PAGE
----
Sanchez: Yeah, absolutely. So, you know, the key assets of the company, they own 900,000 acres of land in West Texas, and that's The Permian Basin essentially. And The Permian Basin has been around for a long time. Actually, it's been repurposed in the last 10 years. So, before, from about the 1970s until about the mid-2000, the rate of oil production in The Permian Basin was on the decline. But then 10, 15 years ago there was a lot of innovation in the oil and gas sector and techniques like horizontal drilling and hydraulic fracturing has made extracting oil and gas from The Permian Basin a lot more achievable and affordable. So, Texas Pacific has [laughs] been a beneficiary of the oil and gas fracking boom. And in the last 10 years has really taken on a whole new life, and the value of their land has increased quite a bit.

Sciple: Right. And you mentioned that the value of the land comes from a few different things, you've got these royalties, so that means, when oil gets pulled out of the ground on the land that they have royalty rights on, Texas Pacific receives income, and this is obviously incredibly high margin income, you don't pay any of the cost of production, but you get this royalty stream that comes in. They also have other land rights that are significant for oil and gas production as well, talking about easements and things like that, do you want to talk about that, Luis?

Sanchez: Yeah. So, the business model can get a little wonky, and there's a lot of very specific things that they are doing to take advantage and to monetize their land holdings, but to really boil it down, to like the one-sentence explanation of what Texas Pacific is, is they own a bunch of land in West Texas. And if you want to extract oil from their land, you have to pay them one way or another, [laughs] right? So, they basically have four different ways to monetize their land.

The first is what's called, like, surface access rights. So, if you build a pipeline that goes over their land, you have to pay them a toll. If you build a drilling rig on their land, you're going to have to pay rent on that drilling rig. And they also have a little over 20,000 acres of oil royalty rights. And that entitles them to a percentage of the income generated from selling the oil. So, a small percentage of the income from the oil rigs. And then finally, they also, in 2017, established a subsidiary that sells water to the producers. So, water is used as a part of hydraulic fracturing. So, you know, [laughs] if you want to do some hydraulic fracturing, you might want to buy water from them too, so that's been another interesting area for them to make money. And finally, occasionally, they sell land and they also buy land and they do a little bit of land speculation there.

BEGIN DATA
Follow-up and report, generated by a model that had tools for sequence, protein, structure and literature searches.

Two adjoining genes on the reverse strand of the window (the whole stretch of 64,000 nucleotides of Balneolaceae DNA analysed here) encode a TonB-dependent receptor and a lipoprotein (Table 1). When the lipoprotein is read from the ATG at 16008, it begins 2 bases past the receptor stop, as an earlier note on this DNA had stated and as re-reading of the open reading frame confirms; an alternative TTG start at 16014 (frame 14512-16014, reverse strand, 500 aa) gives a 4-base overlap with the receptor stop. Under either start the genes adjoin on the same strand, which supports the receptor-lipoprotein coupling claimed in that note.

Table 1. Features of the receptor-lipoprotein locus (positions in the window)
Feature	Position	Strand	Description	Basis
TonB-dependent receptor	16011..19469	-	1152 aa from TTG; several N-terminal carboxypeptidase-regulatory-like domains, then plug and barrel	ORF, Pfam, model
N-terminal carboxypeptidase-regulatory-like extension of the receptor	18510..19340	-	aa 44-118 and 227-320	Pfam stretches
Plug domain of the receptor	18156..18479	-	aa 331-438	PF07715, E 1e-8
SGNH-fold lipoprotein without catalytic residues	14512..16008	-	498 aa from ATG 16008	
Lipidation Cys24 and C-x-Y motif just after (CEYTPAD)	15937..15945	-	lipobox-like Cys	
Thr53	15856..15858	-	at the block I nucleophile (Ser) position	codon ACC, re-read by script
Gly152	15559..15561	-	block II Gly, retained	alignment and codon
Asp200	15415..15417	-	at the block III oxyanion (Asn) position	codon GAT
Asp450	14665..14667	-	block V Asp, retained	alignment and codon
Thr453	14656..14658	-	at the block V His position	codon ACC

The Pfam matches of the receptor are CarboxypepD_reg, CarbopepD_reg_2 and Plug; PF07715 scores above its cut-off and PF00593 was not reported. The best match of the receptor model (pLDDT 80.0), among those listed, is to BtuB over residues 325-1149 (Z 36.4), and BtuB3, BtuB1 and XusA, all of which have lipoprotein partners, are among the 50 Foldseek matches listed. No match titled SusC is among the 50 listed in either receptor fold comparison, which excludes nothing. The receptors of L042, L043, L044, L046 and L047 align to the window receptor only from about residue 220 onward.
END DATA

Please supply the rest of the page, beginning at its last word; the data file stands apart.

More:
Sciple: Right. And so, they've got access to these important rights in an area where significant oil production is taking place. A stat from one of their investor presentations is, 25% of the hydraulic fracturing rigs in the U.S. are all located in the Delaware Basin, which is where Texas Pacific land is predominantly located. Another important thing to point out is, a lot of their customers are some of these big operators like Exxon, Chevron, so they have exposure to some pretty significant strong business. Now, granted, obviously these companies have struggled, but they're continuing to produce oil in The Permian Basin.

So, Luis, like, when we look at Texas Pacific, it really has a different quality of earnings relative to what you would expect from these traditional oil and gas businesses.

Sanchez: Yeah, it's interesting. So, if you look at how a traditional oil and gas business works, they have to spend a bunch of money to explore for oil, they have to spend a bunch of money to build their rigs, and they have to spend money to produce the oil. And then when they have produced the oil, then they're subject to the price of oil at market. So, it's a very capital-intensive process and there's a lot of exposure to commodity prices. And what ends up happening is, a lot of these oil and gas companies have a lot of debt. And in good times, when the price of oil is really high, [laughs] they make a lot of money. In bad times, when the price of oil crashes, a lot of these companies get wiped out and go bankrupt.